This website has been developed to give you more insights about lenticular sheet material and the applications it can be used for. Lenticular sheets come in a variety of basic raw material, and understanding the differences will help you in making the right choice for your applications.
What is a lenticular sheet?
A lenticular plastic sheet is a translucent plastic sheet which has one smooth side (this is the side you print on) while the other side is made of “lenticules”. These are small convex lenses that allow the transformation of a 2D image into a variety of visual illusions. Each lenticule acts as a magnifying glass to enlarge and display the portion of the image below.
Characteristics of a lenticular sheet
What is the most important piece of a successful lenticular print? The lens of course! Because the material is indeed a lens, it must be as clear as possible, but still have the required quality to refract light. The material should also be as stable as possible to minimize the distortion that can occur when temperatures change, yet it needs to be flexible enough to use in printing presses and to be rolled for shipping.
When you add up all these requirements, it’s obvious that choosing the correct lenticular sheet is just as important as choosing a beautiful scene. Just as with any plastic, lenticular sheets also have a set of specifications for different uses and applications.
There are several parameters that will help you decide the type of lenticular sheet you need for your project:
- Material – lenticular sheets are usually made from one of the following materials: Acrylic (PMMA), APET, PETG, Lenstar™, Polycarbonate, Polypropylene, PVC and Polystyrene.
- Density of lenses – It is commonly expressed as LPI (Lens per Inch). Common LPIs are 40, 50, 60, 62, 75, 100, 3D-100 and 150 LPI. For inkjet printing projects, posters, POS signage or larger prints on wide format printers, 20, 40 and 50 LPI works very well. An overview of typical lenticular sheets can be found here. Flexo will require a thinner lens and a much higher pitch.
- Thickness – It is measured in µ, inch or mm and comes in a range from 0.25mm all the way to 6.3mm. The thickness has a reverse correlation with the density of LPI. The lower the LPI the thicker the lenticular sheet will be.
- Viewing Angle – Within this v-shaped viewing region, lenticular images can be seen clearly. In general, the viewing angle is a guideline to determine the type of lenticular effect. A small viewing angle makes the picture very sensitive to change in thesense that a viewer just needs to turn the head slightly and a different set of pictures will be seen. For wide angle lenses the viewer can make a relatively bigger head turn to see a different set of pictures so the change is not so sensitive. Because of this fact, narrow viewing angle lenses are good for 3D effects and wide viewing angles lenses are good for dynamic prints such as animation, flip, morph or zoom.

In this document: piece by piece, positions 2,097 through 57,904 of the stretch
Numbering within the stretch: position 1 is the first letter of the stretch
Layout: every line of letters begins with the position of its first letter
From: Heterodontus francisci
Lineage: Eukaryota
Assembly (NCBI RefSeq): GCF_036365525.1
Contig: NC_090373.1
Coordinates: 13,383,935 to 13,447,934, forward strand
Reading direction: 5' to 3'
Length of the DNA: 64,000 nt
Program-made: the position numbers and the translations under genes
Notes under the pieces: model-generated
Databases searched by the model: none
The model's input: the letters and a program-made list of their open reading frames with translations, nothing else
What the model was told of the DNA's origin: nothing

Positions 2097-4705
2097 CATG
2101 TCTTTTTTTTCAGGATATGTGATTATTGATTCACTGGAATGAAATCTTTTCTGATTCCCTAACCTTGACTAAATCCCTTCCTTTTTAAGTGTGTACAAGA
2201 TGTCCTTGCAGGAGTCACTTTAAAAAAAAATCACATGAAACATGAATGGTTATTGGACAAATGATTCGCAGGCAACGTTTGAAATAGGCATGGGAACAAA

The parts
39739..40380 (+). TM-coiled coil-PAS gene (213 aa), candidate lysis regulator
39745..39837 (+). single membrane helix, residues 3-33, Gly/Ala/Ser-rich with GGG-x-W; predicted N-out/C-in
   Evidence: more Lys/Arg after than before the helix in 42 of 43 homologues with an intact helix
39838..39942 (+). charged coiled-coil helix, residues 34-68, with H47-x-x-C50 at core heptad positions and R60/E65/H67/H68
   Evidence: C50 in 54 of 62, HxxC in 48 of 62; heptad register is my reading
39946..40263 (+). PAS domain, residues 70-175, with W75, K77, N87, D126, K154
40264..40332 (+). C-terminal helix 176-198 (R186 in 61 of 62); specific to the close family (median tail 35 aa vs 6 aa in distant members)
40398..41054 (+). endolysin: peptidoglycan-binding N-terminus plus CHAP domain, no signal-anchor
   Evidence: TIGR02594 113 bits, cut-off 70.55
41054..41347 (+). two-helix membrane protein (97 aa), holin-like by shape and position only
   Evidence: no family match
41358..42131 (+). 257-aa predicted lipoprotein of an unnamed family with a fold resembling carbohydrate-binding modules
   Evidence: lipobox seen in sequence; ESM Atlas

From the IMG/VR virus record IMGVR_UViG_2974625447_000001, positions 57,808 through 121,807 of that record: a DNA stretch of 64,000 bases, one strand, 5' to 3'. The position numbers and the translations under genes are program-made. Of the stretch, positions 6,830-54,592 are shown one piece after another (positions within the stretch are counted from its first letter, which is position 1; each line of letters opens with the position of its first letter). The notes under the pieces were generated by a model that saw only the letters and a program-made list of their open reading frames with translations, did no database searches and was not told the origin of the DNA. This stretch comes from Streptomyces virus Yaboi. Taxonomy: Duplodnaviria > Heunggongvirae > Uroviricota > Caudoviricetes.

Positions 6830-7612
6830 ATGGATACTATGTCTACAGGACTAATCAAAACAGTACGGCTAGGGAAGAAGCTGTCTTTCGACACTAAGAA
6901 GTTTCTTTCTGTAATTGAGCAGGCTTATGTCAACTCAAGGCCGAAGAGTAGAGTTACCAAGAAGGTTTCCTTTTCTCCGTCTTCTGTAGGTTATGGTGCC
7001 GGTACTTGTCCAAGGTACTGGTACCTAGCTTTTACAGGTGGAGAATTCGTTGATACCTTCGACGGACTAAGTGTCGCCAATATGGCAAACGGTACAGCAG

- Viewing Distance – The distance between you and the lenticular image is called the viewing distance. This is an important factor when choosing a lenticular sheet for your application. The number of LPI and the optimal viewing distance are inverse correlated so the higher the LPI, the shorter the optimal viewing distance will be.
- Transparency – The higher the transparency the clearer and better the visual effect. It should have a minimum transmittance rate of 85%.
- Durability and Stability – Different materials also have a different reaction to temperature and UV light. Some materials are good for indoors only and some are good for both indoors and outdoors.
- Printer/lens resolutions divisibility – For the best results, the resolution of your output device has to be compatible with the lens resolution. While HP and Canon printers have resolutions in multiples of 600 DPI (Dots Per Inch), Epson is in the 720 DPI scale. These numbers limit your choice of lenticular sheets. Simple math will show you why. Let us use Epson’s 720 and a 40 LPI lens as an example:In one inch the Epson printer can print 720 dots. Since 720 is perfectly divisible by 40, we get a whole number 18 (720 / 40 = 18), meaning that under each lenticule there should be 18 dots. This combination will give fine results. However, if a 42 LPI lenticular sheet is used, the result is not an even number, meaning there will still be 18 dots below each lenticule but the last dot will be partially on the next lenticule. Because of this the intended effect will be either ruined or less visible. To avoid these problems the file will be resampled to the physical resolution of the printer.
Recyclability and the environmental aspect should be another important factor in your decision making. Not all lenticular sheet materials are made from the same resin, and some might not be recyclable at all. Recyclability is becoming a major issue and many customers will demand this. A stable sheet will decrease the waste in offset printing.
Choosing the Right Lenticular Sheet
Last but not least!
Good Quality Control and stable production environments are very important in the lenticular business. Some suppliers buy lenticular sheets from different manufacturers, with different characteristics, making it very hard to get a stable and predictable production environment. Always having the same material, preferably from the same production batch, is crucial for lenticular printers in order to obtain a stable and high quality result.
Some interesting links:
DPLenticular: find answers to FAQ on the website of this supplier of lenticular sheet material
Lenticular Technology.com: for more detailed information about lenticular technology
Pacur: lens material manufacturer
LLPA: Lenstar Lenticular Print Award